A sign at Naidre's, a small neighborhood coffee shop in Brooklyn, N.Y., begins warmly: "Dear customers, we are absolutely thrilled that you like us so much that you want to spend the day..."
But, it continues, "...people gotta eat, and to eat they gotta sit." At Naidre's in Park Slope and its second location in nearby Carroll Gardens, Wi-Fi is free. But since the spring of 2008, no laptops have been allowed between 11 a.m. and 2 p.m. weekdays and 10 a.m. and 3 p.m. weekends, unless the customer is eating and typing at the same time.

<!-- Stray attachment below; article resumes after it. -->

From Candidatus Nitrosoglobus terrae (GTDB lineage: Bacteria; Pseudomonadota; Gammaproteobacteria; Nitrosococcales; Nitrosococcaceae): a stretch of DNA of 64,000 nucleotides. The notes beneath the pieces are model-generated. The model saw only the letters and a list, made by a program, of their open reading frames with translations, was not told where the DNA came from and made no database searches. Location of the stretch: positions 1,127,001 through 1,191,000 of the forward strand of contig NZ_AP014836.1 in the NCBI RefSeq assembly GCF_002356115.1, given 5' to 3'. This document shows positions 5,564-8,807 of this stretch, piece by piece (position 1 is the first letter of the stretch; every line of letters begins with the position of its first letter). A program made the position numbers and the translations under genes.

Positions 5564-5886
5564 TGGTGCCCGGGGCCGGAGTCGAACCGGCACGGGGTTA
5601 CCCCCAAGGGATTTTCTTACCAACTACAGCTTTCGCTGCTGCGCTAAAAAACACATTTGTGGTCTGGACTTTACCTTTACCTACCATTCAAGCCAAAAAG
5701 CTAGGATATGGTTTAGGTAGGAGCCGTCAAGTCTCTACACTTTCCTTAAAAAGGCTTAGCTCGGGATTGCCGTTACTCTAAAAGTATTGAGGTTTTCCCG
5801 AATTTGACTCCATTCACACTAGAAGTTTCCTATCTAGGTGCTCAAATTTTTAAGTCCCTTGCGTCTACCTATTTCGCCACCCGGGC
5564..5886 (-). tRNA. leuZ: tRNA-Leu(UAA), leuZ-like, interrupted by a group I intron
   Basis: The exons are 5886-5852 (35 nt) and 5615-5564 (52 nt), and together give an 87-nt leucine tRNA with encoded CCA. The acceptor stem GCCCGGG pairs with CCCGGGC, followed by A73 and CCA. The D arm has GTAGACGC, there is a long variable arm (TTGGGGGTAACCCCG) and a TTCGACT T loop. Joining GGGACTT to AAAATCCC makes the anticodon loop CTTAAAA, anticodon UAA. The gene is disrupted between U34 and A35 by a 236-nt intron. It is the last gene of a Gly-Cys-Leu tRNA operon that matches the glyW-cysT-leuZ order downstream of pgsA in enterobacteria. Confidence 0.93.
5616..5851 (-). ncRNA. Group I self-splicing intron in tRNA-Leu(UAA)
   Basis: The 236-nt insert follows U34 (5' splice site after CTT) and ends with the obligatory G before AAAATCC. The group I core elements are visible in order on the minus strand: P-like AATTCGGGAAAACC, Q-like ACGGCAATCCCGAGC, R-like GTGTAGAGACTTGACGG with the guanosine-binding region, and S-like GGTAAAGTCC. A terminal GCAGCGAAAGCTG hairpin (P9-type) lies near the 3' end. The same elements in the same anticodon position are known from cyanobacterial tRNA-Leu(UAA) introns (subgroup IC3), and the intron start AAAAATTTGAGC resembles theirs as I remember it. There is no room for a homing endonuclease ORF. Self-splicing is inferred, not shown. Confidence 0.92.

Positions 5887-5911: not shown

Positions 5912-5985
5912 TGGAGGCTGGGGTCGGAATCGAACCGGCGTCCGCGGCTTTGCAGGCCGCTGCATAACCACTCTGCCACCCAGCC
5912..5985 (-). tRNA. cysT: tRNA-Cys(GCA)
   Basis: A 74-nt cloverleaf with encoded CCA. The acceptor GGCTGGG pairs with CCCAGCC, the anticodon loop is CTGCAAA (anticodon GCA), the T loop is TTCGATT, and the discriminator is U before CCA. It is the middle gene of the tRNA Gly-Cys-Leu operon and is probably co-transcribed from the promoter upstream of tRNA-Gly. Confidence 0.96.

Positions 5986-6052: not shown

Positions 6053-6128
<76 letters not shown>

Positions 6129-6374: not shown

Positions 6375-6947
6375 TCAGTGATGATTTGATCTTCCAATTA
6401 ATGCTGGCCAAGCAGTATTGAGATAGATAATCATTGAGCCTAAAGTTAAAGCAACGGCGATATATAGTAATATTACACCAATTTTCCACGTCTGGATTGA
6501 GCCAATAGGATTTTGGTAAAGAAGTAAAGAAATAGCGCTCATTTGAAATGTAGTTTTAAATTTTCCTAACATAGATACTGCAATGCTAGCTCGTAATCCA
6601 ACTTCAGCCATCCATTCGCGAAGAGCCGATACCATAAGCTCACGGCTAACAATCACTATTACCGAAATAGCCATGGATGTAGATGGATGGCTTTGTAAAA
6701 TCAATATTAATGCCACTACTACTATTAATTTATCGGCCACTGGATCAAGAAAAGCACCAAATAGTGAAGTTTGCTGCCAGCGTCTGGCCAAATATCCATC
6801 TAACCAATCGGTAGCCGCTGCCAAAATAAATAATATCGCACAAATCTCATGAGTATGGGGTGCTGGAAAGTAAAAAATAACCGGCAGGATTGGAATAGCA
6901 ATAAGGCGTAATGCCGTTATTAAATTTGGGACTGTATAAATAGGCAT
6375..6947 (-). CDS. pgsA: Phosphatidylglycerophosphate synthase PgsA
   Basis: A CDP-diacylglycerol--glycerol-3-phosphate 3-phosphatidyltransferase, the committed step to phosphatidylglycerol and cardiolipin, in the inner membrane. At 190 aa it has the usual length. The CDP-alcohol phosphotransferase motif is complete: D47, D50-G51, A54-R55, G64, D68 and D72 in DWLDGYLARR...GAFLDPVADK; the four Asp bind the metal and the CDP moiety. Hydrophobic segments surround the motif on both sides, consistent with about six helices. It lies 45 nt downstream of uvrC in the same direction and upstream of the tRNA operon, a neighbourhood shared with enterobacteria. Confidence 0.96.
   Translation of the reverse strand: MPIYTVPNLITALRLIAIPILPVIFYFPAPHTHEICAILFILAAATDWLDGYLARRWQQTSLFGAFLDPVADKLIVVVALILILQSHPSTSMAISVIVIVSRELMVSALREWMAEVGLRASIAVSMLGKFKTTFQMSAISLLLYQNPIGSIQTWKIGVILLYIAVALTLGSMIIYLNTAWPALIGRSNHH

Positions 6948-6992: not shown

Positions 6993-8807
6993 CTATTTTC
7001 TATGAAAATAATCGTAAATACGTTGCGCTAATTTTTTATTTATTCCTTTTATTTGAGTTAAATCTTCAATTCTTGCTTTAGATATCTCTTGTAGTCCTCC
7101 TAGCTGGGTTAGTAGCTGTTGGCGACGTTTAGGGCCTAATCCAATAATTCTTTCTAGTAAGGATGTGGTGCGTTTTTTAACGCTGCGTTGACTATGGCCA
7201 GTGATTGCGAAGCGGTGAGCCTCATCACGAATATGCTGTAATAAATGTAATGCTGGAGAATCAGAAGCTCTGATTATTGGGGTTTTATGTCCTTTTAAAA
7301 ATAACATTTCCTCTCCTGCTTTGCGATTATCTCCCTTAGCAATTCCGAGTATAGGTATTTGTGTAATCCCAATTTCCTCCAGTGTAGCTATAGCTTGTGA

Amid the economic downturn, there are fewer places in New York to plug in computers. As idle workers fill coffee-shop tables -- nursing a single cup, if that, and surfing the Web for hours -- and as shop owners struggle to stay in business, a decade-old love affair between coffee shops and laptop-wielding customers is fading. In some places, customers just get cold looks, but in a growing number of small coffee shops, firm restrictions on laptop use have been imposed and electric outlets have been locked. The laptop backlash may predate the recession, but the recession clearly has accelerated it.